Is it important to fit in then do you think?
 
If I go back a few years it was the most important thing in my life, just to fit in and fit a certain category, now it doesn’t bother me, if I don’t fit in then that is their opinion, you know, it is other people’s opinion if they don’t think I fit in but, yeah when I was younger God if I wasn’t part of like a friends group that wasn’t cool then I think ‘well why? You know why aren’t we cool? Why aren’t we getting the same kind of, you know, looks and views of other people as other people do in this school?’ and, you know, things like that so God yeah it was important.
The young people we spoke to were also worried about what other people thought of them. Some felt that they were left out of friendship groups just because of their size. They felt that others did not like them and put them down because of the way they look. This made them feel bad about themselves. Even a passing comment made by a relative or a friend about body size could be very distressing. The feeling of being judged prevented young people from doing what they wanted to do, like exercising in the park. They worried about being laughed at.
 

Emily knows what it's like to be criticised by others because of your appearance.

Emily knows what it's like to be criticised by others because of your appearance.

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So, but people just, when they say, “Oh I don’t like your ‘cos of the way you look,” and stuff like that, it can put, really put people down and it can really make them feel horrible about themselves and they can think that they’ve got to do, go out and buy certain things, and, do certain things that they don’t want to do.
 
Has that happened to you ever?
 
Probably a couple of times like, you know, people would say, “Oh I’m, you’re fat, I’m thin,” and stuff like that, and most of the time I’d just ignore them ‘cos I’d think, “Oh they’re…” if, if you get bullied, which has happened to me a couple of times but not as much as other people get bullied, but if people bully it’s because they’ve got problems of their own. So, yeah and people have tried to put pressure on me before, but if I don’t want to get something I don’t get it.
 
Now if I don’t look a certain way then I don’t need to be friends with someone who, who’s like that.
 
I was in the first year of secondary school and I was in I think it was in music and there was one of my friends who was stuck and I was trying to explain, and this girl just goes, “Oh shut up [name], you know, I’m smart, you’re thick, I’m thin, you’re fat.” And I just ran out of the classroom crying, and, you know, and I just think it’s horrible that people do that anyway.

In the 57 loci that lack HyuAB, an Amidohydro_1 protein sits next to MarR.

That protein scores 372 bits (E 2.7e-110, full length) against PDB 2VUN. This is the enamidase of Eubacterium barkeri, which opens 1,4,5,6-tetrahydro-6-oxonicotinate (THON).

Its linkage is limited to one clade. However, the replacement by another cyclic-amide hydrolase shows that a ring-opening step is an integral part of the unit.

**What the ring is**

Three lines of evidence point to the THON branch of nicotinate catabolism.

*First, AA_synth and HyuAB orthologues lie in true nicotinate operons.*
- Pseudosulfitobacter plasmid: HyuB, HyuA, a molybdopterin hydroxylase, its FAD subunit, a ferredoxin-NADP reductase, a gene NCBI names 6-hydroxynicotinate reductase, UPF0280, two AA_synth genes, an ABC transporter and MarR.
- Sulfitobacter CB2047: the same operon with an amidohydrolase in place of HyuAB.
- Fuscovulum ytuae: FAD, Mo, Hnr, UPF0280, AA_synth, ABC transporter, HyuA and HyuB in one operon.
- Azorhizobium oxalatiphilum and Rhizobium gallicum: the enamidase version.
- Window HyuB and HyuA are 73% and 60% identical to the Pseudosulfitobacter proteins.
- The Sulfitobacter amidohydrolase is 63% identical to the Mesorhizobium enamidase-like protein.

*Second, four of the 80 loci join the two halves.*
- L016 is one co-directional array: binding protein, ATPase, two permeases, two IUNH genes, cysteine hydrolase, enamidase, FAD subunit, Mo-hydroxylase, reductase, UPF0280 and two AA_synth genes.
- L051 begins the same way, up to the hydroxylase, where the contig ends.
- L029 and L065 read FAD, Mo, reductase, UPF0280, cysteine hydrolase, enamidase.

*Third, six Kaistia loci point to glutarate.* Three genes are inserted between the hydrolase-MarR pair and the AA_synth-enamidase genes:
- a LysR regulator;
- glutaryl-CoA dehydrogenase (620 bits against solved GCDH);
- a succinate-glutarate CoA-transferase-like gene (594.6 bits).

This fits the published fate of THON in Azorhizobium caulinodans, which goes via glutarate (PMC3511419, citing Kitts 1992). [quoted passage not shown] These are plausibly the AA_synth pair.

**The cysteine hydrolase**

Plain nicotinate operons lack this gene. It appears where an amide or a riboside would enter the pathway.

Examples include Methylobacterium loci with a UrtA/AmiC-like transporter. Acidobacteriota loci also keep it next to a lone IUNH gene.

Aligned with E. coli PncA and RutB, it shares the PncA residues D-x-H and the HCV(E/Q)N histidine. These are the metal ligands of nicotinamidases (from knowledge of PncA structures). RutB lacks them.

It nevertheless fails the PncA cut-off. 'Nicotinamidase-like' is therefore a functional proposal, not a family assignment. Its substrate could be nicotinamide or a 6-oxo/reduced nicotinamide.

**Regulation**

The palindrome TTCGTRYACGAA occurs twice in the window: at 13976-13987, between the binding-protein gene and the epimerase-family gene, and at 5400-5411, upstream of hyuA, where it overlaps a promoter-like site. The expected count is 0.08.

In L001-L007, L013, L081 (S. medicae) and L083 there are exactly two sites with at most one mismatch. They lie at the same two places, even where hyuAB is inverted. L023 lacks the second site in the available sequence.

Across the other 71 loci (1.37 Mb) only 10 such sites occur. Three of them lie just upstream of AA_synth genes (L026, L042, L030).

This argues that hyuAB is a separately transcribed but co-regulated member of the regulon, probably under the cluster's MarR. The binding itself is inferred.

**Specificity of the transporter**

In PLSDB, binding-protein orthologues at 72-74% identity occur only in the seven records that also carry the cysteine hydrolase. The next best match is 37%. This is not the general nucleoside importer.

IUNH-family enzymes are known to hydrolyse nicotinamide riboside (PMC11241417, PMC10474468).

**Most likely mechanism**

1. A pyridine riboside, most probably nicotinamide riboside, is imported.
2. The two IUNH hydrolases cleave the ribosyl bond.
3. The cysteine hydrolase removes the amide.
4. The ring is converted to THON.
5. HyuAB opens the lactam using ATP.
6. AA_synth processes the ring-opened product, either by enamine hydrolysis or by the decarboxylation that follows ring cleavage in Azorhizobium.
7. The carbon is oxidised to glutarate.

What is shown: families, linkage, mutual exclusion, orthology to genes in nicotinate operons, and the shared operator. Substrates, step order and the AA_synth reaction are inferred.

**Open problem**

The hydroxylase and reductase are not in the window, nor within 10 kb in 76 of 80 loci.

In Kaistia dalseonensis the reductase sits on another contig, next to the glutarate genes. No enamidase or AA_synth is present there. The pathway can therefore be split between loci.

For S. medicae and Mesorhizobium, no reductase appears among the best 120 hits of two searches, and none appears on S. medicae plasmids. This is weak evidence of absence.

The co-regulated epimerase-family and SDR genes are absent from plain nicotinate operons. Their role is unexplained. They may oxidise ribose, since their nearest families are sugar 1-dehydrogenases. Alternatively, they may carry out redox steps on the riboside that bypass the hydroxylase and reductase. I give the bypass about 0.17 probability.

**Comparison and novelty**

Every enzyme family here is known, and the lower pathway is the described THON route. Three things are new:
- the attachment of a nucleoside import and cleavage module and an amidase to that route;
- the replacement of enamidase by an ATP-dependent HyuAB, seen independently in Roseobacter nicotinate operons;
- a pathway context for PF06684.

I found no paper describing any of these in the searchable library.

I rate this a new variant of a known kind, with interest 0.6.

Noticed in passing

Pressure from society 
Young people said that they feel a lot of pressure to look a certain way. Those in their early teens felt the most pressure from other young people and the media to be skinnier. Some said that growing up would have been much easier if they had been a smaller size. At the age of thirteen Becca thought that the only way for her to lose the weight and solve her problems was to have surgery. Some thought that other issues to do with appearance like problem hair or acne would have been easier to deal with if ‘only’ their weight had not been such a problem. 
 

In her early teens Becca thought that losing weight was the answer to all her problems.

In her early teens Becca thought that losing weight was the answer to all her problems.

Age at interview: 17
Sex: Female
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There was a lot of negative kind of, it wasn’t just about my weight it was about other things like, but mostly if I had been thinner and because mostly it was about my hair because I had that afro hair and that is what most of the bullying was about, but I think if I had been thinner, well at the time I thought this, if I had been thinner I don’t think it would have come up as much you know? Like I don’t think it would have played that part of an issue, so yeah, yeah.
 
 
I mean even today, like it doesn’t bother me as much now, I’m quite open with the size I am and, but at the time I would do anything to try and hide how big I was, anything. Right I would, I remember at one point I even said to my mum, “Can I have that operation where they staple the stomach?” And, you know, it wasn’t, you know, it, like it’s really stupid now to think about it but at the time that was what I needed to do, you know, just in order to stop everything that was going on and to stop the negative kind of connotations with me and things like that.
 
How old were you then when you said that?